The aim of this magazine is to connect the communities of Hindu Kush, Himalaya, Karakorum and Pamir by providing them a common accessible platform for production and dissemination of knowledge.
Kartakhsha in Baltistan
The travel to Kartakhsha
Last week, we travelled extensively in the valley of Kharmang. The visit was full of experiences as we travelled to the remotest parts of the district. The features and landscape change as you travel deep into the valley. We started from the convergence-point of Sheyok and Indus rivers through Sermik, and entered Parkuta (now Mehdiabad from where the boundaries of Kharmang start).
Mehdiabad is one of the largest villages in the district with distinct features – in contrast with the numerous other settlements which are high up in the highlands atop mountains and along narrow gorges. Moulvi Hashmatullah in his book ‘Tareekh-e-Jammu’ records the history of Kharmang (formerly known as Kartakhsha) and writes that the earliest settlements in the vale were around Parkuta and Serling from where various other settlements emerged subsequently. According to the writer, a man by the name of Yol Sharong first entered from Chilas and formed the settlements in the region around Serling in Parkuta. Like other areas in the region, it has a checkered history and was once forcefully annexed to Ladakh and was reigned from the same for some time – later conquered by the forces of Ali Sher Khan (Maqpoon ruler of Skardu) and all Kartakhsha territories were regained afterwards. The current name of Kharmang comes from this same time when Ali Sher Khan conquered the area and built a number of towers and police posts dotting the area consequently the small state acquired its current name Kharmang, which means the state of many fortresses.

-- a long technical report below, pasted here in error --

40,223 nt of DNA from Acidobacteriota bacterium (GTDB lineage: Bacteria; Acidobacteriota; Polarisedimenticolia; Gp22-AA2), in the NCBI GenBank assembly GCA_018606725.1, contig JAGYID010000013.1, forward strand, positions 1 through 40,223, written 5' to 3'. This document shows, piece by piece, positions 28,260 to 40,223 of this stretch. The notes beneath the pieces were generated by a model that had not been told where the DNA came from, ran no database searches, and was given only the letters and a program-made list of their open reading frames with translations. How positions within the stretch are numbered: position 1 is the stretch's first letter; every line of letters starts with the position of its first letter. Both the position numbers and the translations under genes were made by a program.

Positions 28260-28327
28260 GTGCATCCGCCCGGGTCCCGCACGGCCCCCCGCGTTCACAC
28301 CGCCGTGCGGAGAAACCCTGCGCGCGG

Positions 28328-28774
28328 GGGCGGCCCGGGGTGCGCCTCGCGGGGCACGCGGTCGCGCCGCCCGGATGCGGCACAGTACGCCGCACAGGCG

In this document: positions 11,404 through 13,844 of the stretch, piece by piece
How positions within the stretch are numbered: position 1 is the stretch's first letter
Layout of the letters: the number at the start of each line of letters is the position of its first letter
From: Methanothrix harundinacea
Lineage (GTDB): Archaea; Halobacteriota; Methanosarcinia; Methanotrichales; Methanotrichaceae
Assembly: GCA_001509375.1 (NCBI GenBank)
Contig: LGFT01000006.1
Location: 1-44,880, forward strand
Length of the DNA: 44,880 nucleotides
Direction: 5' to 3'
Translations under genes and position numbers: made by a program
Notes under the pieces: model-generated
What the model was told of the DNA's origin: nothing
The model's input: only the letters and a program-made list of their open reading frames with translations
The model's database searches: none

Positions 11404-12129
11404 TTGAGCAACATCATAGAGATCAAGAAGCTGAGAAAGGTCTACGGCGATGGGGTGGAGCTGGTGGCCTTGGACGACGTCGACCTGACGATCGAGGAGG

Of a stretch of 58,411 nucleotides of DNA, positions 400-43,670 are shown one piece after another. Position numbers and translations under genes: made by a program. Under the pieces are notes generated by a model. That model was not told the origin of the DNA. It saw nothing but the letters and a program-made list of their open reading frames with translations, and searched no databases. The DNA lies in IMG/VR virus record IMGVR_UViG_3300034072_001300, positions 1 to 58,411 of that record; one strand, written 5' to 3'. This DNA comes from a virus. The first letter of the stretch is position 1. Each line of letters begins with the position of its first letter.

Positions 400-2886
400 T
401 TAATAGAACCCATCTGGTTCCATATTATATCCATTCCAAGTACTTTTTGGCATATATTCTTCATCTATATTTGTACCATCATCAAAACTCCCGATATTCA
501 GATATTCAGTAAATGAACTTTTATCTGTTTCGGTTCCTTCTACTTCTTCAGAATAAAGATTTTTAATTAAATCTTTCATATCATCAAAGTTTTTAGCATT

As we travel up and South-East, we reach Tolti which has been made the district headquarter of the nascent district of Kharmang and is also the place where the Sub-Divisional Magistrate operates from. Fellow traveler Ashiq Hussain connected us with the SDM and we received a warm welcome from the newly appointed SDM Kharmang who we went to meeting right after reaching Tolti. You see a similar pattern travelling on the main road in the district that the valleys are narrow green patchy strips along the main road besides the river Indus forming a shape as if two right angled triangles smashed with their pointed edges facing each other. The SDM kindly hosted us as we settled down to high-tea. It was a surprise to know the high-tea items also included local delicacy, Kisir (pancakes).